A misconception is a wrong or inaccurate idea based on faulty thinking or understanding. A common misconception is a wrong idea that many people have. For pupils, the most important common misconceptions to anticipate are the ones which relate to foundational concepts. This is because misconceptions can be difficult to shift but doing so can lead to big gains in learning, particularly for threshold concepts (Education Endowment Foundation, 2018).

Therefore, anticipating common misconceptions within subject areas is also an important aspect of curriculum knowledge and working closely with colleagues to develop an understanding of likely misconceptions is valuable.

Here are some examples of common pupil misconceptions:

Science (Biology)

Misconception: all cells are the same size and shape.

Correct idea: different cells can have different sizes and shapes.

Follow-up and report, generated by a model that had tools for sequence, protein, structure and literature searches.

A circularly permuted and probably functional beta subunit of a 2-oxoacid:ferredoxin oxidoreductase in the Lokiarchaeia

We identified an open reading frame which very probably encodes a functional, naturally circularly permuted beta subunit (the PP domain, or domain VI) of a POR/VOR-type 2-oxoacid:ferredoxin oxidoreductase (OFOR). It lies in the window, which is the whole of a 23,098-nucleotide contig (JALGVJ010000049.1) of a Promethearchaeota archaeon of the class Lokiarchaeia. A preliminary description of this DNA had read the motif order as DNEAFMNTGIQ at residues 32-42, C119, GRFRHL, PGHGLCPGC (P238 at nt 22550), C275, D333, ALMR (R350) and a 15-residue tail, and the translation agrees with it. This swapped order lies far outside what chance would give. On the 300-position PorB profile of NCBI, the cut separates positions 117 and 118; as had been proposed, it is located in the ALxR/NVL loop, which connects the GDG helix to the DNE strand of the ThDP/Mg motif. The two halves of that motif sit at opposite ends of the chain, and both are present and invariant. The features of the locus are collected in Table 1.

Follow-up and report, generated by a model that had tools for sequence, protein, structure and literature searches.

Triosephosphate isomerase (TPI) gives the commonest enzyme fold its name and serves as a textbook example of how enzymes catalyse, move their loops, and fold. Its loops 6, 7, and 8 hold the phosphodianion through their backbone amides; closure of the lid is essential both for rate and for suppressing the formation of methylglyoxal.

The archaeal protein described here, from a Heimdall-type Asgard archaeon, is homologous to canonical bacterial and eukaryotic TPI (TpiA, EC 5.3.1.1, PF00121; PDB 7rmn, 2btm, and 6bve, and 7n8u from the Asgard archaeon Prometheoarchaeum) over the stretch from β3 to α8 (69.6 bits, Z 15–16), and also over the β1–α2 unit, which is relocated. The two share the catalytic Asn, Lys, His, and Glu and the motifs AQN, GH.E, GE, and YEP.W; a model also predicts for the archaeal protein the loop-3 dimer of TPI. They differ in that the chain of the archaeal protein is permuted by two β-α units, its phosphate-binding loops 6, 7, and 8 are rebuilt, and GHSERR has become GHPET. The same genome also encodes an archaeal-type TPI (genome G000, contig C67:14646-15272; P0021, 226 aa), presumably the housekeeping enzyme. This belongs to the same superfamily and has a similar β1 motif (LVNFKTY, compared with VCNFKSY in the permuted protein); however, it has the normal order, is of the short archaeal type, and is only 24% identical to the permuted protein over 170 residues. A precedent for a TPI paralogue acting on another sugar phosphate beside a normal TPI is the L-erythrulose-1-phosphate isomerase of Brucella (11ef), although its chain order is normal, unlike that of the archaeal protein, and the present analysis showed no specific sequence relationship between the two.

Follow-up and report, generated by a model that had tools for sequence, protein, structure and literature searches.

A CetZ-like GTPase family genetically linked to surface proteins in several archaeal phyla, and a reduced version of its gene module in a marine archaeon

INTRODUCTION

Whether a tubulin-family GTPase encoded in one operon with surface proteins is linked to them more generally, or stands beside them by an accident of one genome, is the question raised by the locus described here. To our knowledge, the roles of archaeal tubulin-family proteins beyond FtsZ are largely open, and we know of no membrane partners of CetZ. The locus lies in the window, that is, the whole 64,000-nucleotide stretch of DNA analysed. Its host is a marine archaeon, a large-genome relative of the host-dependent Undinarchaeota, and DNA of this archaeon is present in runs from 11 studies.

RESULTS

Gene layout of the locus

Geography (Plate tectonics)

Misconception: The earth’s plates are made of solid rock that can never be seen because the plates are always deep within the earth.

Correct idea: Earth’s plates are made of solid rock, and they can be seen where they are not covered by soil, loose rocks, or water.

[The above examples were taken from: AAAS Project 2061 http://assessment.aaas.org/topics]

Modern Foreign Languages (French)

Misconception:  J’ai is translated as ‘I am’

Correct idea: J’ai is translated as ‘I have’.

This misunderstanding stems from pupils learning that ‘J’ai onze ans’ is translated as ‘I am 11 years old’; j’ai is used in this context leading pupils to think that ‘j’ai’ means ‘I am’.

History

Misconception: thinking capitalism is synonymous with democracy.

Correct idea: capitalism is an economic system, and so capitalist economies can operate in dictatorships & other non-democratic regimes, as well as in democracies.

So good curriculum design includes being aware of common misconceptions and this requires secure subject knowledge:

“The most effective teachers have deep knowledge of the subjects they teach… As well as a strong understanding of the material being taught, teachers must also understand the ways students think about the content, be able to evaluate the thinking behind students’ own methods and identify students’ common misconceptions.” 

(Coe and others, 2014, page 2)